Does the Sonic Spin Kit include an Ultrasonic Cleaner?

No, an Ultrasonic Cleaner is not included. The Sonic Spin Kit is designed to be used with your own tank as long as it meets the minimum required inside dimensions. The Sonic Spin arm is adjustable up and down from 11″ to 16 3/4″ so be sure to check that the outside height of your cleaner is less than this.

What are the minimum required inside tank dimensions?

11 3/4″ (L) x 6″ (D)  x 6″ (WD)

My tank is only 5.5″ wide.  Is this a problem?

The ‘3’ Record Stack units will fit in a 5.5″ wide tank, however we like one that is a little wider just to give you extra room to maneuver loading your stacks on and off the motor spindle.  To remove the stack from the motor spindle you have to tilt it slightly to release the magnetic hold, so it may require a little extra care to keep from hitting the side of the tank. We wouldn’t recommend any narrower than 5.5″.

Note:  if you are using our Sonic ‘1’ Stack that holds 1 record, this is not an issue since they are narrower.

What brand of Ultrasonic Cleaner do you recommend?

We cannot recommend a specific ultrasonic cleaner, but there are many to choose from online.  As long as the inside dimensions are in the range that we recommend (not less than 11 3/4″ (L) x 6″ (D) x 6″ (W)) it shouldn’t be too difficult to find one that fits your needs and your budget.   TruSonik, Sharpertek, Sonix and Vibrato are some brands that our customers have purchased. We have no personal experience with any of these so can’t offer any advice, but we have heard no complaints. Also, some have purchased the less expensive Chinese models such as Kendal without any issues.

What should I look for in an Ultrasonic Cleaner?

You will want to look for the cleaning power one supplies. While one with only 180 watts may be adequate, it won’t be as powerful as one with 240 watts of power. Also, if the unit has a heater, be sure to look at how the watts are divided between the heater and the transducers. Sometimes the watts listed are the total between the 2 and you find out after the fact that most of the watts go to run the heater and not the transducers. The number of transducers also plays a factor. Typically, you will find 3-4 in the units that are being used to clean records. So, the higher the frequency and the more transducers, the better, but it will also cost more. If your records are not that dirty you might find a 40Khz unit to be adequate. Also, the difference between 40Khz and 60Khz may be minimal so you may prefer an 80Khz. The Vibrato is an 80Khz machine made specifically for cleaning records.  So, it pretty much is a personal choice that depends on your preferences and the amount of money you have available to spend. One thing you will want to do is read the reviews on various machines to see what others think of them.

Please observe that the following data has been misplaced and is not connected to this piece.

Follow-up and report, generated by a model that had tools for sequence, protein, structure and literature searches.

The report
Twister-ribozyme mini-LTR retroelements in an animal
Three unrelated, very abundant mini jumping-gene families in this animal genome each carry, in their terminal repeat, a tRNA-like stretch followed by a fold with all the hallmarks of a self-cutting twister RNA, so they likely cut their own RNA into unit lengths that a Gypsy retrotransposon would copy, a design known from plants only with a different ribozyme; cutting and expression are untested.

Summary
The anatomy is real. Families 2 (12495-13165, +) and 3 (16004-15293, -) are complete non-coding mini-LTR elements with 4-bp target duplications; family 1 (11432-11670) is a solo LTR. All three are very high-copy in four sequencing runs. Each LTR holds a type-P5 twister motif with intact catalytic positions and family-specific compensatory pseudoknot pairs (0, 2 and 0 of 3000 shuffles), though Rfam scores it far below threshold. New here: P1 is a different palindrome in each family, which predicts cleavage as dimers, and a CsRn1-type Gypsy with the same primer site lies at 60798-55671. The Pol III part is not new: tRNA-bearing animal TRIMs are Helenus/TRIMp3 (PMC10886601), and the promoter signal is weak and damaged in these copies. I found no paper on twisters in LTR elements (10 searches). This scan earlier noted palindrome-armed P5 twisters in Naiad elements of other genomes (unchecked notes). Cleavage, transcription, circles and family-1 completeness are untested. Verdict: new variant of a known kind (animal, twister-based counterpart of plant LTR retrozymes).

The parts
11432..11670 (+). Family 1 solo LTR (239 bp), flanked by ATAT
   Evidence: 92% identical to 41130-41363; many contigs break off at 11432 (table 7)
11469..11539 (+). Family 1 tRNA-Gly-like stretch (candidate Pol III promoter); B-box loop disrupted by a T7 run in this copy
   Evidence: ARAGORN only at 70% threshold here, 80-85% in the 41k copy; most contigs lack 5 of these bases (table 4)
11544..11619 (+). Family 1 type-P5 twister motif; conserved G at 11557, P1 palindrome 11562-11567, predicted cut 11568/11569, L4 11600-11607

Here is a link to a very interesting article titled “Questions and answers about Ultrasonic Cleaning”, which may help you decide what might work best for you. It is:


If the link does not open, copy and past the URL into your address bar.

Do you have any suggestions for cleaning solutions?

There are many different ideas about the type of solution that should be used to clean your records, so probably the best thing is to do an internet search for something like “do it yourself record cleaning solutions”. There are all kinds of recipes out there from using just distilled water with a drop of Dawn dish washing liquid to others with different ingredients. You can also use a rinse agent like you would put in a dishwasher to eliminate water spots. The nice thing about reading these forums is that you will find comments on what works and what may not work as well. It will also have to do with your preferences, what is available in your area and the type of water available to you.  There are also commercial solutions available for purchase online.

I’m ready to clean my first batch of records!  What is the best speed to use?

It is generally accepted that the best ultrasonic cleaning results are obtained when using a slower RPM. Following are examples of approximate times for one 33 record revolution achieved at the various voltage settings on your power supply:

3.0 volts – 7.0 Minutes                           7.5 volts – 2.5 Minutes
4.5 volts – 4.5 Minutes                           9.0 volts – 2.0 Minutes
6.0 volts – 3.0 Minutes                          12.0 volts – 1.5 Minutes

NOTE: Due to the difference in the resistance of various motor windings or the output of various power supplies, some motors may or may not turn at the 3 volt setting.  The amount of the voltage used determines the speed of the motor. The Sonic Spin motor is rated for up to 24 VDC. If you prefer faster speeds, power supplies up to 24 VDC with a 2.5mm male pin can be used (not included).

Following are examples of approximate running times for one 33 record to achieve a 5 minute clean at various voltages:

3.0 volts – takes 7.0 Minutes for one revolution; run Sonic Spin for approximately 6.5 Minutes
4.5 volts – takes 4.5 Minutes for one revolution; run Sonic Spin for approximately 10 Minutes
6.0 volts – takes 3.0 Minutes for one revolution; run Sonic Spin for approximately 15 Minutes
7.5 volts – takes 2.5 Minutes for one revolution; run Sonic Spin for approximately 18 Minutes
9.0 volts – takes 2.0 Minutes for one revolution; run Sonic Spin for approximately 22.5 Minutes
12  volts – takes 1.5 Minutes for one revolution; run Sonic Spin for approximately 30 Minutes

Feel free to contact us if you have any other questions.